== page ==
*ms*format [see Hudson (2002)],*i.e.*, allelic information as one row per individual and one column per genomic siteCreate a meta information file with three tab separated columns for each position: site number (

*k*); derived allele frequency in the sample of seven individuals (); and derived allele frequency in CEU ()Run our program with the files from step 7 and 8 as input

Additionally, we generated a direct copy of one of the individuals and introduced it to the data set for a total of eight individuals (and ∼7000 polymorphic sites). Therefore, one pair of individuals (7 and 8) should show a higher relatedness coefficient (note that the copied individual is not completely identical to its “parent” since we picked one allele at random for each genomic position). We then analyzed the whole set of eight individuals together and did not expect to see any relatedness between pairs of individuals except for the artificially related pair. As shown in Table 1, we do not observe any related pairs of individuals except for the pair (7,8) that shows an estimated *r* of 0.65. Although this is a rather small data set and only serves as an example, the program is able to identify the related pair. The individual contamination rates are estimated to be 0.0–0.03. However, note that it is difficult to correctly interpret these numbers: first because the true contamination rates are not known; second because based on our simulation results this dataset is rather small and therefore these estimates are likely biased; and third because the ancient individuals are much younger and therefore less diverged from modern humans than, for example, Neanderthals. This means that contamination is more difficult to detect the less diverged the ancient individuals are from the contaminating population. We recommend applying our method to all individuals in the data set to get an idea of how many related and unrelated individuals are present.

## Discussion

In this study, we present a method to infer the relatedness coefficients from aDNA samples sequenced from a group of fossil hominin bone or tooth fragments. Our method accounts for sequencing error and for contamination from present-day humans. By artificially mating simulated sequences as well as sequences from the 1000 Genomes Project, we determine how many overlapping reads and how many individuals are required to obtain estimates of relatedness coefficients with confidence. The likelihood model we developed for this purpose differs from existing methods in that we directly model the (hidden) ancient derived allele frequencies and do not require a reference panel for the ancient population.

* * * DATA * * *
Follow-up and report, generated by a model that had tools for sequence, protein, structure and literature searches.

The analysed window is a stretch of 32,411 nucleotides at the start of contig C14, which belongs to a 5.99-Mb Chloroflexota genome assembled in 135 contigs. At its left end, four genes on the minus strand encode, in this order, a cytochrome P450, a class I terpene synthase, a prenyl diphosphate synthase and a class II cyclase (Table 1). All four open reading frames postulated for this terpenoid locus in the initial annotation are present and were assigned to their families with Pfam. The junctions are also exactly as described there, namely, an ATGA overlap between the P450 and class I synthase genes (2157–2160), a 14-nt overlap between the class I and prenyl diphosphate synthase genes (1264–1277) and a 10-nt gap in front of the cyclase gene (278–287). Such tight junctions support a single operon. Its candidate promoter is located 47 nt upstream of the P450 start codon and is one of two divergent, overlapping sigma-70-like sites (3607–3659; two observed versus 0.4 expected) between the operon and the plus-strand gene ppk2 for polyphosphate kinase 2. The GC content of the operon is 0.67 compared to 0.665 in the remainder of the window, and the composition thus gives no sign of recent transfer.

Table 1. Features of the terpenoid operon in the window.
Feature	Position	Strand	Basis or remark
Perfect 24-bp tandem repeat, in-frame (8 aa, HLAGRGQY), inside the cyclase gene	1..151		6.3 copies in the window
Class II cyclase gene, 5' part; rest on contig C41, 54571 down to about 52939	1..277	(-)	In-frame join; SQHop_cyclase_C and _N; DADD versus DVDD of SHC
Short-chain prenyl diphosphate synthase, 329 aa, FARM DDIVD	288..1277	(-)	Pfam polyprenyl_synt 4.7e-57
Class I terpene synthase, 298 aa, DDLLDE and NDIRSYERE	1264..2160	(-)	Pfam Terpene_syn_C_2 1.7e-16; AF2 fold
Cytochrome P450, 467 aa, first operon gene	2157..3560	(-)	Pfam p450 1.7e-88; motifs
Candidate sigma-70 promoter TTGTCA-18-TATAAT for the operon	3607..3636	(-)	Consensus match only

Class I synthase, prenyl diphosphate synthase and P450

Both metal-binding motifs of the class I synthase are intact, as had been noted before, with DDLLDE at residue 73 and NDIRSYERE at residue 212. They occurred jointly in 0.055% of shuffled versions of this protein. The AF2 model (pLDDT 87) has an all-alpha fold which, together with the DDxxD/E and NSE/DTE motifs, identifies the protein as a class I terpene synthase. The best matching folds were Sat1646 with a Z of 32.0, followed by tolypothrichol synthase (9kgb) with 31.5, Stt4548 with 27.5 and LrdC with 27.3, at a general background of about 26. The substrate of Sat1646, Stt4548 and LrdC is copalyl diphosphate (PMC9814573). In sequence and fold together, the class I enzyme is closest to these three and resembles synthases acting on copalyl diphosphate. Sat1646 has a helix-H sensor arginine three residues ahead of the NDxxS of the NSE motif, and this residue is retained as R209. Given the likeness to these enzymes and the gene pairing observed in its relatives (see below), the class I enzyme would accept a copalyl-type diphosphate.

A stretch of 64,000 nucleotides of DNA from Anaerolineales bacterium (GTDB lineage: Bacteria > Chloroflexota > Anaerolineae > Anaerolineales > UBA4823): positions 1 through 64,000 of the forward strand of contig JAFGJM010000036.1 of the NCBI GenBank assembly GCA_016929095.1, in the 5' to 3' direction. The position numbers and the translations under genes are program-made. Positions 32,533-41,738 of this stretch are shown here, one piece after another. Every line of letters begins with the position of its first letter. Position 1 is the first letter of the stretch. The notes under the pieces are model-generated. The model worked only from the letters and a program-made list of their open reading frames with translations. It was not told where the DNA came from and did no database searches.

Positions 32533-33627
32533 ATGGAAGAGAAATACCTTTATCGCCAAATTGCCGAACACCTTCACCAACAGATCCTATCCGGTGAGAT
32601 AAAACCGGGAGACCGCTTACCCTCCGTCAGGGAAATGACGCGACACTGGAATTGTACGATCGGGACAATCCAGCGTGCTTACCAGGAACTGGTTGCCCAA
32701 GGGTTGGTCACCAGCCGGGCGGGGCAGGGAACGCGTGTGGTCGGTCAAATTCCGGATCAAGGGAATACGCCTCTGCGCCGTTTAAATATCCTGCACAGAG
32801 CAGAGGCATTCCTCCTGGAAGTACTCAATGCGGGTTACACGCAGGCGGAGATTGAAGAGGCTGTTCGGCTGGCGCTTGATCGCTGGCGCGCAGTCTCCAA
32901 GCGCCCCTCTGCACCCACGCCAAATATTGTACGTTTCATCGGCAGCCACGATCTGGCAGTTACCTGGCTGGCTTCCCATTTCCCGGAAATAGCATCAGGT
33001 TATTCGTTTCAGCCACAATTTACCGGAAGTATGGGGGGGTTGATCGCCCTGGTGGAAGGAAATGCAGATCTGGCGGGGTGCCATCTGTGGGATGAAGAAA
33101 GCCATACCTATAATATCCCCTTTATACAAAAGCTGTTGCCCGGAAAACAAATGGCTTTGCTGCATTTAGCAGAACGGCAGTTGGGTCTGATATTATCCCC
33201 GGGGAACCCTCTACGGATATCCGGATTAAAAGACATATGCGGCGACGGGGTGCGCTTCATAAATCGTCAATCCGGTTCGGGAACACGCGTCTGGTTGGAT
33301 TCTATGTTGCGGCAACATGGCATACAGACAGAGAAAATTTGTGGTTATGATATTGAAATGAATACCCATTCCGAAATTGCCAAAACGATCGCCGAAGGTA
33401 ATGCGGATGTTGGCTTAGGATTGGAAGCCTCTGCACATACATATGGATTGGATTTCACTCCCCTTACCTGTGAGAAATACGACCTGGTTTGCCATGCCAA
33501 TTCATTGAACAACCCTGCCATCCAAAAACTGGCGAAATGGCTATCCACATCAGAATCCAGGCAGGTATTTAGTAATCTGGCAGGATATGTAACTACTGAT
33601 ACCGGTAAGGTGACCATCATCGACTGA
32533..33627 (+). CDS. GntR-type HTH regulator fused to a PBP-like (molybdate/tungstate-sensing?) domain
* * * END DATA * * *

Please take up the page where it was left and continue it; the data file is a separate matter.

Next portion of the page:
In our simulations, we assumed that each polymorphic site is sequenced in every individual. With that assumption, the number of overlapping sites is a parameter under our control. The actual number of overlapping sites when there is low-coverage sequence data is a random variable whose distribution depends on the sequencing method used. For shotgun sequencing, the simplest assumption is that the number of times a polymorphic site is sequenced is a Poisson distributed random variable with the mean equal to the coverage level, for individual *i*. The probability that the site is sequenced at least once in individuals *i* and *j* is . For example, if (*i.e.*, 0.1 × coverage in both individuals), the probability that a site is covered by at least one read is roughly 0.009. Therefore, if there are polymorphic sites, there would be roughly 27,000 overlapping sites in two individuals. Different sets of sites would overlap in different pairs of individuals. Hence the expected number of samples that contribute to estimates of allele frequencies at each site in a sample of N individuals is where is the average coverage level. In the Figures S18–S29 and Tables S3 and S4 in File S1, we allowed for this possibility in simulations by assuming that fully overlapping sites in all individuals are not available. As expected, the accuracy of the method decreases when compared to using all individuals. However, the more individuals in total available in a data set, the higher the accuracy even when only using read information from a random subset (*e.g.*, 5 or 10 individuals) of them at each genomic site. An alternative to shotgun sequencing is genomic capture (Mamanova *et al.* 2010; Rohland and Reich 2012). With a capture method that targets sites known to be polymorphic in the same or a closely related population, the probability that two sites are sequenced in two individuals depends on a number of factors, including the closeness of the population or populations used for ascertainment and the complexity of the genomic library. However, the success of targeted capture methods can be quite high. For example, Castellano *et al.* (2014) used exome capture on two Neanderthal samples. In the El Sidron sample that had endogenous DNA, of targeted sites were covered at least once. In the Vindija 33.15 sample that had endogenous DNA, of the targeted sites were covered. Therefore, if exome or SNP capture methods are used there is a good chance of high levels of overlap in different individuals.